The companies control two of only four "global distribution services" that provide information on flights and accommodation to travel agents and online booking services.
EU regulators had identified "serious concerns" because the combined company, as a provider to travel agencies, would have market shares from 40 percent to over 70 percent in Belgium, Hungary, Ireland, Italy, the Netherlands and Britain.
They said they would investigate further how the deal would affect the market and make a decision to clear or block the deal by Sept. 13.
The Commission rarely prevents takeovers but it can, and often does, ask companies to sell off units or make promises to change their business behavior.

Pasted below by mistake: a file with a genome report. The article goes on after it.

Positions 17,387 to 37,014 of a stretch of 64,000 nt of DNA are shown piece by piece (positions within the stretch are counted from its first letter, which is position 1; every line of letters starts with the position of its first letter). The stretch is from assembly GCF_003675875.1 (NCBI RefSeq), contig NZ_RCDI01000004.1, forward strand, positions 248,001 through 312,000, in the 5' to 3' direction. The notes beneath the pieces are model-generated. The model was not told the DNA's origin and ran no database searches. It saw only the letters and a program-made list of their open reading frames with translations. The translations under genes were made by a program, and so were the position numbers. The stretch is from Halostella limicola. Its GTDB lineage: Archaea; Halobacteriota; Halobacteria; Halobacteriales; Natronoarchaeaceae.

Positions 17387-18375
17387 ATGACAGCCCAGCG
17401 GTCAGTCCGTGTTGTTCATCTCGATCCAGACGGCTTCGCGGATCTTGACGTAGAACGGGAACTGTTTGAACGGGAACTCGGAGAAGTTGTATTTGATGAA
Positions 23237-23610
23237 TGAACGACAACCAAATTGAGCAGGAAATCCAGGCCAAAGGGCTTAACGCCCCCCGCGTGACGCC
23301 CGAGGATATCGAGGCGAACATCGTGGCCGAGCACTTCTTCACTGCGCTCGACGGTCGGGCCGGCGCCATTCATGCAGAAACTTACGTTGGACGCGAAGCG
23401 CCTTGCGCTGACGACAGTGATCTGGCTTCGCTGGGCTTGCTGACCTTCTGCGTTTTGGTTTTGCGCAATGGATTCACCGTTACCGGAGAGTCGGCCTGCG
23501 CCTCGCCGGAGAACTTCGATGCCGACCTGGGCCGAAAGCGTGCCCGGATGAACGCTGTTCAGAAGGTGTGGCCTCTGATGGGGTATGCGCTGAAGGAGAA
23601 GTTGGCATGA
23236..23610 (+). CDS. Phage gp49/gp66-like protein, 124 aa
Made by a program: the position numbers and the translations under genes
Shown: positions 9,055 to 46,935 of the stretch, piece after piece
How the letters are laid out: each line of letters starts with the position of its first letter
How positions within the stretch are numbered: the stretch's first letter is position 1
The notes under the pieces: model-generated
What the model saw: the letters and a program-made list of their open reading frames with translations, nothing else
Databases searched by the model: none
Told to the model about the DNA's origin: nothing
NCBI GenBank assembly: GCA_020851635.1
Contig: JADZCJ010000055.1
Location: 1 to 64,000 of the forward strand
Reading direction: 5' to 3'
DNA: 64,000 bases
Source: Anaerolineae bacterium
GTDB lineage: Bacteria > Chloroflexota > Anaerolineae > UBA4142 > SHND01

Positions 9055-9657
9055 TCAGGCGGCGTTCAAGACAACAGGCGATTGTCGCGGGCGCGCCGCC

Travelport's Galileo system is second only to Amadeus. Buying Worldspan means the new business would have only two rivals — Amadeus and the third-placed player Sabre.
"In its in-depth investigation, the Commission will assess the effects of the reduction of the number of global distribution services from four to three and the elimination of competition between Galileo and Worldspan on competition in the European economic area, and in particular whether prices for global distribution services to travel service providers would increase," regulators said.
Travelport, which owns Orbitz and CheapTickets.com, is controlled by private equity firm, The Blackstone Group LP.
A spokesman for the company was not immediately available for comment.